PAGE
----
Team Bush was struggling because they couldn’t, or wouldn’t, run clearly to the right of Clinton and expose the differences. When Ross Perot entered the race, he further muddied the waters because his agenda agreed with the conservative agenda about 75% of the time, yet he clearly despised Bush more than he wanted to defeat Clinton. Whatever Perot’s motivations were, the result was that the 92 election was an ideological mess, and Bush was not a man who even understood that, let alone overcame it. 

To make things worse, enter John McCain, who was riding his war hero story, and a questionable passion for the pro-life position, into stardom on the right during this time. A big part of McCain’s self-serving strategy was to ingratiate himself to the liberal media by trashing other Republicans, which he did often. So, paradoxically, he gained credibility on the right, by trashing the right, because he became the only man (ostensibly) on the right that the media liked, and we were desperate on the right to be liked by anyone in the media. Consider: talk radio was new and small, CNN was the only cable channel, and Andrew Breitbart was just starting to emerge from his “hippy dippy” liberal youth (his words).  

The Mainstream Media still ruled the roost, and McCain’s message to them was that Bush “must stop being so extreme,” as in so extremely conservative. The exact opposite was true. Bush wasn’t nearly conservative enough, nor capable of articulating those views on which he was conservative. Clearly McCain knew this, wanted Bush to lose, and to climb the ladder in the vacuum a Bush loss would create.  And the media was all too happy to help. I was forced to try and use whatever media influence in North Carolina I could muster to overcome McCain’s message, which is why I remember it like yesterday.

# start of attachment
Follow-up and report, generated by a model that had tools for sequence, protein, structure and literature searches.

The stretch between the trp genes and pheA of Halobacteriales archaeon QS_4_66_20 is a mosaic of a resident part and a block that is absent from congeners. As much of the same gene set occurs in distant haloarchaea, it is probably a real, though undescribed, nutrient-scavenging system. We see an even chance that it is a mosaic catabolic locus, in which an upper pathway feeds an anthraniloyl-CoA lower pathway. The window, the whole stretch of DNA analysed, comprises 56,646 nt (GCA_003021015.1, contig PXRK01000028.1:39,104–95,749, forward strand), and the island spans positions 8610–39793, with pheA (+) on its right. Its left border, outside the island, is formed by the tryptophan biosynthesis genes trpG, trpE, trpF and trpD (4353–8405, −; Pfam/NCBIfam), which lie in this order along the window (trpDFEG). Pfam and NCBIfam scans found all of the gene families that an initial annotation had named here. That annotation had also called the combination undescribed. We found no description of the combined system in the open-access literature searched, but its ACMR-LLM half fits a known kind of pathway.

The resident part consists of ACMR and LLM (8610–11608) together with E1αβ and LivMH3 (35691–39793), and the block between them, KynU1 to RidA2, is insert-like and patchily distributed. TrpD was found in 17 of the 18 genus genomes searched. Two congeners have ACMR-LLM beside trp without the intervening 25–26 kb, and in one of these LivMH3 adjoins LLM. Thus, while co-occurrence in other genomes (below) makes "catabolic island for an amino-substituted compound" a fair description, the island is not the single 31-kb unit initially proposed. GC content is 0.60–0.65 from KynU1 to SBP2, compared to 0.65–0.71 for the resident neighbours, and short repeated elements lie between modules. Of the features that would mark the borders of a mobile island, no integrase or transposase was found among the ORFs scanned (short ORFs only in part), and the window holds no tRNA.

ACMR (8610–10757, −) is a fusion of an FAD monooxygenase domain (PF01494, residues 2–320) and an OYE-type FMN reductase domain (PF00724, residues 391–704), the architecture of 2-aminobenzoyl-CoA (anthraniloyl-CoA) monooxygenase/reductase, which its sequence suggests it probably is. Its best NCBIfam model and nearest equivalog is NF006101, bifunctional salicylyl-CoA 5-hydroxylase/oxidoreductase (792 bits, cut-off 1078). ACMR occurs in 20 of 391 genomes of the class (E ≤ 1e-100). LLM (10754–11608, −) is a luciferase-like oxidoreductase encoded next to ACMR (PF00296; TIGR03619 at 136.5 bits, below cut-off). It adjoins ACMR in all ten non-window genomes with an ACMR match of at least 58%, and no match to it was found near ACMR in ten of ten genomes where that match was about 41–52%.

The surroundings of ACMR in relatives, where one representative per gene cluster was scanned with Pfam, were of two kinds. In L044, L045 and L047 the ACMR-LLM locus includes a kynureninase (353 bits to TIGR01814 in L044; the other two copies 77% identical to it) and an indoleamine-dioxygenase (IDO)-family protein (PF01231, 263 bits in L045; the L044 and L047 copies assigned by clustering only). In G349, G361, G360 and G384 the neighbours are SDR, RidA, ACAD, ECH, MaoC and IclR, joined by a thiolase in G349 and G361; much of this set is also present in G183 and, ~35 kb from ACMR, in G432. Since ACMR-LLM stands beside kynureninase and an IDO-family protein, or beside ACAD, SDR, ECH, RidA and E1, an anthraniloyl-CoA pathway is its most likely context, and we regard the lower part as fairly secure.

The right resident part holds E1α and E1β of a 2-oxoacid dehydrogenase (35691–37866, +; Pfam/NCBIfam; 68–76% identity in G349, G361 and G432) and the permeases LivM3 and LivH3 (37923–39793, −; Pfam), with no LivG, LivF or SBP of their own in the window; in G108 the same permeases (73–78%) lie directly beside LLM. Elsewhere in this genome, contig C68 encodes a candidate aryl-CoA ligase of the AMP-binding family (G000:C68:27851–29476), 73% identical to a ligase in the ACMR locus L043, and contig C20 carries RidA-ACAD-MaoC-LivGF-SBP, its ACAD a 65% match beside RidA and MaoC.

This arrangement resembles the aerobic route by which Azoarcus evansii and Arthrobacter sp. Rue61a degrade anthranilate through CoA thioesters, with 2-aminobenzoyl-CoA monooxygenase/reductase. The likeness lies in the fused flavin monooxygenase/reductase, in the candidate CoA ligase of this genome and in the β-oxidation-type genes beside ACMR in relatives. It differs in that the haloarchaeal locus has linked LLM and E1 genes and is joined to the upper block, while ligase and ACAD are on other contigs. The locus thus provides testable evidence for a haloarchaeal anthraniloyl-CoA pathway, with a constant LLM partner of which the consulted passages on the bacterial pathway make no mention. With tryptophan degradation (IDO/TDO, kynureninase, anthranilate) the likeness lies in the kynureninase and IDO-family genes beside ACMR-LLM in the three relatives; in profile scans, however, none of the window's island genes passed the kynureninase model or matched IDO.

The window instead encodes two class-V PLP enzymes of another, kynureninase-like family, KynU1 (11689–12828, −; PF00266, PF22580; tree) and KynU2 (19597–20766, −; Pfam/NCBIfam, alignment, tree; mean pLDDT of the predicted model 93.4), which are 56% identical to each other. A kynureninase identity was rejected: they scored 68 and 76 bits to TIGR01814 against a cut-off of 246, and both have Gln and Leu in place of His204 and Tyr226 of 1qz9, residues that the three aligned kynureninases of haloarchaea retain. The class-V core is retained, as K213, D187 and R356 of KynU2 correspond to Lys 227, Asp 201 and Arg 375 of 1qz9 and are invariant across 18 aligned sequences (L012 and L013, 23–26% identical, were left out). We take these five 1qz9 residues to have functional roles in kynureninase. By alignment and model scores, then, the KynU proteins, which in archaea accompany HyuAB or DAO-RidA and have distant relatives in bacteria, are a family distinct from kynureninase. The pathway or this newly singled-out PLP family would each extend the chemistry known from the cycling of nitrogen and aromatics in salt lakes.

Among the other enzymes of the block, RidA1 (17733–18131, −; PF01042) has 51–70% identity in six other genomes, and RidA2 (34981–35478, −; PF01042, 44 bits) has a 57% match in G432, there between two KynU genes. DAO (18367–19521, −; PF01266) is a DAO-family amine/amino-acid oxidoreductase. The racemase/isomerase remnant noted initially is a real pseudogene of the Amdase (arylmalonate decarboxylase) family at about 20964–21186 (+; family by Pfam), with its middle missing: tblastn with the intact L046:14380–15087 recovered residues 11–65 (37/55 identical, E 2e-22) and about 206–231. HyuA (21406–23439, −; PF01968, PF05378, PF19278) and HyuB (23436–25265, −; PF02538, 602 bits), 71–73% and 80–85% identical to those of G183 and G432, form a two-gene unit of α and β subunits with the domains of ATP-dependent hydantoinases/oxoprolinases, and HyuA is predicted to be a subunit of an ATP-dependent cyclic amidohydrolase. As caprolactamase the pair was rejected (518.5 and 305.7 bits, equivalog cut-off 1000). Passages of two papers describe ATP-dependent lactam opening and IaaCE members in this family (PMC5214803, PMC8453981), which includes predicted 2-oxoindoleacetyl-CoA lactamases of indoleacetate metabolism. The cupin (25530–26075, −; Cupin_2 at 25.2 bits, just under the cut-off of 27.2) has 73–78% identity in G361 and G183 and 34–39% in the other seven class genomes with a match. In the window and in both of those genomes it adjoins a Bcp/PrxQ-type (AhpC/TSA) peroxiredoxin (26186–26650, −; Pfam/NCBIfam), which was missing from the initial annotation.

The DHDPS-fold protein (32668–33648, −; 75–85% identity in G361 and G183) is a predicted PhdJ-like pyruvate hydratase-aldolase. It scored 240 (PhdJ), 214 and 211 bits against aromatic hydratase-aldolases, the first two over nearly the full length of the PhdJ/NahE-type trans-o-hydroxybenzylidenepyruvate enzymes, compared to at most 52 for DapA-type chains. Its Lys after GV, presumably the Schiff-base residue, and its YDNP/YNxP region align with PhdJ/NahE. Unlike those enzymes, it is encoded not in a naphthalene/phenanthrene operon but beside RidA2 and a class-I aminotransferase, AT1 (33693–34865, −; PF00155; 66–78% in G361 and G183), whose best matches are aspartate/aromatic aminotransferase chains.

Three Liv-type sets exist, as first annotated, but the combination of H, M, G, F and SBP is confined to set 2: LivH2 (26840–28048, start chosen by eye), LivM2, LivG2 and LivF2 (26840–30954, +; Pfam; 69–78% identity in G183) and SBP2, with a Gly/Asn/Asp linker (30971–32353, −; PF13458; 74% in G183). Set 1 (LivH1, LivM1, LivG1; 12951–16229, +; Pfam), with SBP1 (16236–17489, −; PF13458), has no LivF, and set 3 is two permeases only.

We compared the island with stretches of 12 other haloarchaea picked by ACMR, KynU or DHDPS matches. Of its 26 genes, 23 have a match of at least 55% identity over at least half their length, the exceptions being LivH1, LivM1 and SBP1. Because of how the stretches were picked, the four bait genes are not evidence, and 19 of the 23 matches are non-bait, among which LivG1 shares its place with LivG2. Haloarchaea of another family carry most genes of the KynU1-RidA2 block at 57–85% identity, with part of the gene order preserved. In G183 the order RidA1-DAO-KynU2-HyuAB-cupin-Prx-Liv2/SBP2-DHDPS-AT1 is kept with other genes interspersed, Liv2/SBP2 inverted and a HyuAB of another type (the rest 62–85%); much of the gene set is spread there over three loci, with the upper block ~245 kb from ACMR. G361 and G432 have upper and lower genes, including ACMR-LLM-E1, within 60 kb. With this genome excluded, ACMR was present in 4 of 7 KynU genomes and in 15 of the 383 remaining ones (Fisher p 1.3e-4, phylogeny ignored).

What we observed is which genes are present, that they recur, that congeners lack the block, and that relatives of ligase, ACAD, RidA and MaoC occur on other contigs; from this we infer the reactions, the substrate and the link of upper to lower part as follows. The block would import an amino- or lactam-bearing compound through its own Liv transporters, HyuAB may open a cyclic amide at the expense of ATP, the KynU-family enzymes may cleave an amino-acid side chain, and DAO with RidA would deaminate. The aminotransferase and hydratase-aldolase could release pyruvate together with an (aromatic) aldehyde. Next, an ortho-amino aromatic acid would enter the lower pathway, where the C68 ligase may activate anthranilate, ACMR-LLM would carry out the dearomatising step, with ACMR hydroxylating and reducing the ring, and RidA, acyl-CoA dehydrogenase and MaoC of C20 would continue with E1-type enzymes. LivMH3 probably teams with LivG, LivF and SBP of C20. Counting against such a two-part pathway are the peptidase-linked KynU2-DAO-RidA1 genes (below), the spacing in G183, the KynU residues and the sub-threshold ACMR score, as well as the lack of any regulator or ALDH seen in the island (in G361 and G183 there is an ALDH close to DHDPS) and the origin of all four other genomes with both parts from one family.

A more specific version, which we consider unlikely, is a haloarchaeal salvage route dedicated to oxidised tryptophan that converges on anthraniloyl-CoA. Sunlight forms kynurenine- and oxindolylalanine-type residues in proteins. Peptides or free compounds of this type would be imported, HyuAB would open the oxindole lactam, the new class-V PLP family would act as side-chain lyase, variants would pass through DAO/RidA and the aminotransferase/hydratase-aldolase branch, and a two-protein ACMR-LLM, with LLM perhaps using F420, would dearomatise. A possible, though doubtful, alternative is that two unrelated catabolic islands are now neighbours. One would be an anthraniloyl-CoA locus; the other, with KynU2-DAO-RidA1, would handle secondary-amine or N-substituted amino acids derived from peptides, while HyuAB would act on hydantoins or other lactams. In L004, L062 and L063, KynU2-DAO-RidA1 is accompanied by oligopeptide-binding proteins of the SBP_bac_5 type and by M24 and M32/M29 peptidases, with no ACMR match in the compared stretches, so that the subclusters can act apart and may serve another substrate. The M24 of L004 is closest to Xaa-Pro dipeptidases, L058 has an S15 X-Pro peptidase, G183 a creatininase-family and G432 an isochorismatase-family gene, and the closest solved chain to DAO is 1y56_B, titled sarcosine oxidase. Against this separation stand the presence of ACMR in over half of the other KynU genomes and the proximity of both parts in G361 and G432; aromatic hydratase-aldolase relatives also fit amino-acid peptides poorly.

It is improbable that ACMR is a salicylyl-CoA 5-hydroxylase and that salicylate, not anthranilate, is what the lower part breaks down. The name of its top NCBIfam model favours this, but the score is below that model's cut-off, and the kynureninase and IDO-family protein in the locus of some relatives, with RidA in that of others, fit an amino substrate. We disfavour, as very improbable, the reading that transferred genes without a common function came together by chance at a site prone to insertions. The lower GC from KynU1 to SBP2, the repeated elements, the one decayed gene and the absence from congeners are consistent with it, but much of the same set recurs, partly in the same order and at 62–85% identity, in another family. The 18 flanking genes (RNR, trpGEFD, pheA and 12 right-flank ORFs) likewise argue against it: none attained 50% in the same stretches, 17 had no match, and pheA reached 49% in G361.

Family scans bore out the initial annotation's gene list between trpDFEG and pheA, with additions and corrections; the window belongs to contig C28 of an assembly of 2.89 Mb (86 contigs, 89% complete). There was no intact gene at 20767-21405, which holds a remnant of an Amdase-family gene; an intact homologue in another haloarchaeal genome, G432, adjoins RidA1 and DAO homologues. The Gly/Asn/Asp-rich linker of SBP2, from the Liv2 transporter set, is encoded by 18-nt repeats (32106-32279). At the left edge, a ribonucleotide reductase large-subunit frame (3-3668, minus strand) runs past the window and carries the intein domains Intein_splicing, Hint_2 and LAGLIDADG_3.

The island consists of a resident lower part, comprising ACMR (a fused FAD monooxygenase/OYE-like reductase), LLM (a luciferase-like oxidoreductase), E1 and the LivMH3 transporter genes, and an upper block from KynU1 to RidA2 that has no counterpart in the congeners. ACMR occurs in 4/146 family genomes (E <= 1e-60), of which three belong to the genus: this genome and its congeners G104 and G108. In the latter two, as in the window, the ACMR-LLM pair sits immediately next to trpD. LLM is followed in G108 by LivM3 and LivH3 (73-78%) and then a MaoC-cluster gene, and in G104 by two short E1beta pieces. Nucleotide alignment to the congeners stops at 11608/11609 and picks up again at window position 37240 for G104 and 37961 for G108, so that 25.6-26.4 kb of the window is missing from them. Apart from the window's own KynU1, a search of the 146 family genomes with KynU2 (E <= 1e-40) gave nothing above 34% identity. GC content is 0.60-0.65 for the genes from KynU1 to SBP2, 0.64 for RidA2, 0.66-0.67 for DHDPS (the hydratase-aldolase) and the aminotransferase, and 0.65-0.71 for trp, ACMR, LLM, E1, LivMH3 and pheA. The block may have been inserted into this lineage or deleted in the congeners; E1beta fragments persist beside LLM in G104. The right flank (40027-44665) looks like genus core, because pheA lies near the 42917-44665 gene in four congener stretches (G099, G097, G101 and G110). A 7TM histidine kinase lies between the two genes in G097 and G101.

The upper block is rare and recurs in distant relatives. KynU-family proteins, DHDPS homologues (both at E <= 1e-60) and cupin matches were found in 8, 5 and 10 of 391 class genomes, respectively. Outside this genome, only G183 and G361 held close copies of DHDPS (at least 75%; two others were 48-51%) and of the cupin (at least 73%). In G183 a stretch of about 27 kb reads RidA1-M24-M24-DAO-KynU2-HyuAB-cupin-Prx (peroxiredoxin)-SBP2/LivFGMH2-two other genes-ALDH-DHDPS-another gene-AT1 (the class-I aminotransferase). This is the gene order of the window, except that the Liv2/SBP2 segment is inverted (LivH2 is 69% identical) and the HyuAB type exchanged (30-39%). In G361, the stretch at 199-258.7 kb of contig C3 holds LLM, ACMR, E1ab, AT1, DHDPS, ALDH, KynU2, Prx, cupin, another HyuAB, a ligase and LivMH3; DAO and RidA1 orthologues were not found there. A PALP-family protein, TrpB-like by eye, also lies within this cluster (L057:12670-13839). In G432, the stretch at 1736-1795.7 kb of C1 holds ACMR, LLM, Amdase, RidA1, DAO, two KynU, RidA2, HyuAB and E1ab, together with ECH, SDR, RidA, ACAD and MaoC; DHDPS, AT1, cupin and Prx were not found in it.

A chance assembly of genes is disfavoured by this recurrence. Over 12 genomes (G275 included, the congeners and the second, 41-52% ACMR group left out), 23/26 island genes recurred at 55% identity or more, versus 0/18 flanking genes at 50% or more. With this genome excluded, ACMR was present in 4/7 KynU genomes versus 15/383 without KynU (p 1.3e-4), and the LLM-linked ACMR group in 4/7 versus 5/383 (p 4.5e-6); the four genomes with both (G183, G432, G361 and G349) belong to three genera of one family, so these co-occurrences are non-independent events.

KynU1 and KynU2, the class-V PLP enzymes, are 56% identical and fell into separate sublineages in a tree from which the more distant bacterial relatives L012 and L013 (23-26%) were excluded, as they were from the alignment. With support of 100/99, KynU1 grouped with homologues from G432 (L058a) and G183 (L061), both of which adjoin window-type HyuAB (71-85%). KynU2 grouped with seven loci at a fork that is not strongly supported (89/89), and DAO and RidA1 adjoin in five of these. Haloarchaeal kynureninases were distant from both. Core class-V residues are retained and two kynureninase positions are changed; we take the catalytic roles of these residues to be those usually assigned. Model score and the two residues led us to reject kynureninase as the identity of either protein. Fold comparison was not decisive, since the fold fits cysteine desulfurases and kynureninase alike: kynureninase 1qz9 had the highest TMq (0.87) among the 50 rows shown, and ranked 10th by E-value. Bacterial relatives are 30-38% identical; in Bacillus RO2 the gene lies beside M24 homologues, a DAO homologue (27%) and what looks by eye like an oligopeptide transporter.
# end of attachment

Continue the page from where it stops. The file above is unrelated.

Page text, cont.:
And yes, I fully understand that now, everybody on the planet is onto McCain’s schtick. Most of that didn’t really happen until at least 2000, and into 2008 and beyond. In ‘92 however, I was on a lonely planet. I even got into a heated dispute with the host on the G. Gordon Liddy Radio Show in early 1993 about this. Gordon was still drinking the McCain Kool Aid, as were all of his listeners.

Now back to the future: everyone knows what’s in the Kool Aid now. 

So here we are, with McCain shaking off the effects of cancer to cast a vote that ensures we probably won’t get the same treatment he did. The John McCain who sabotaged the so called ‘skinny repeal’ vote over Obama Care, and who fought openly with Donald Trump months ago, is exactly the same John McCain he has always been. He not only trashes conservatives at every opportunity, he then takes credit for being this courageous “maverick,” even as everybody knows that trashing conservatives to the media is the easiest, most gutless thing a person can do. 

Almost everything about McCain’s carefully crafted image is a lie. It always has been. And now, in a somewhat cruel irony, McCain has access to massive amounts of Obama Care-exempted health care, while voting to make sure you and I remain trapped under this failed disaster. In other words, McCain is just being McCain. This is who he’s always been.